Thought Police alert: federal government dedicates $1 million to wage a war on memes

Originally posted here.

It’s never too late to wage a war on something you deem terrifying – if you’re the government. A recent report has highlighted the obvious: Washington has no idea of what to do with all the easy taxpayer cash it has access to.

It’s almost as if bureaucrats aren’t good at spending your money wisely!

According to The Week, the federal government is using a grant offered to the National Science Foundation to target memes. That’s right; Washington has used about $1 million of your money to finance a database of memes they deem suspicious. Officials, following instructions that tell them to single out any “suspicious memes” or any “false and misleading” political ideas that may have turned into memes, hunt for these images by browsing through social media websites.

The Indiana University is the official headquarters for the special “war on memes” department. The official title of the program is “Truthy.” It’s reportedly inspired on Stephen Colbert’s “truthiness” concept.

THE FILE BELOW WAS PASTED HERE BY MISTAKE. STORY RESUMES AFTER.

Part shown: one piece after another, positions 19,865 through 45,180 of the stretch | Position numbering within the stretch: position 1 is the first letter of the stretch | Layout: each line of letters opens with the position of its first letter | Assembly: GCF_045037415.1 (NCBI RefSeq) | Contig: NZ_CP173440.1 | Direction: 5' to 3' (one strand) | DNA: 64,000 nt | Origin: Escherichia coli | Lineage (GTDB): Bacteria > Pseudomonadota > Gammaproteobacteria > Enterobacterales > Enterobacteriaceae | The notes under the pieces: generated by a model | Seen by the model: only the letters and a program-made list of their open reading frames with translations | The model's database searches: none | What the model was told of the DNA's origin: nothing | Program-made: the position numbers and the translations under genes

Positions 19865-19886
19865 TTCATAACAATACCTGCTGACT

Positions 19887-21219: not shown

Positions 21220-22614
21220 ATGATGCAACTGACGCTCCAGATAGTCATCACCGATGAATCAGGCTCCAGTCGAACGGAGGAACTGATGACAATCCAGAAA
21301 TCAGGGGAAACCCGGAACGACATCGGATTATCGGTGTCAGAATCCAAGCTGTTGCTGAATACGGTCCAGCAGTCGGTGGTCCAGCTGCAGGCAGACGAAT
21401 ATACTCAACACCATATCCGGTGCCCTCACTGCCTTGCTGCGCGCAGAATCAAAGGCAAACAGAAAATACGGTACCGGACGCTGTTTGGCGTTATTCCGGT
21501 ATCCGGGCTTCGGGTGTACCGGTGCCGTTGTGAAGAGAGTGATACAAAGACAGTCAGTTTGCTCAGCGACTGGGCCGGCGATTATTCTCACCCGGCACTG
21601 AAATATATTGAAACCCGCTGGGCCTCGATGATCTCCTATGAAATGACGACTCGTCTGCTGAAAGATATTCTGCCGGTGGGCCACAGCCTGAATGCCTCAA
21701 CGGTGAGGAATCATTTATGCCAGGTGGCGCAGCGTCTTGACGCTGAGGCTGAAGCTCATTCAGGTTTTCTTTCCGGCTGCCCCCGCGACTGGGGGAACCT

And what do officials do while browsing for potentially life-threatening memes?

They look for the origin of the memes so they may identify the source as a professional political activist or just a good old Internet user like you, for an instance.

While the program seems harmless enough on the surface, one million dollars thrown at an effort to catalog memes and identify their sources so that the federal government can put up a web service offering the public info on suspicious meme trends seems eerily close to what a thought police would look like. Or am I just seeing things here?

According to the National Science Foundation, the service “could mitigate the diffusion of false and misleading ideas, detect hate speech and subversive propaganda, and assist in the preservation of an open debate.”

Right.

Could this be another way the government has found to target political dissent? I’ll leave the answer up to you.

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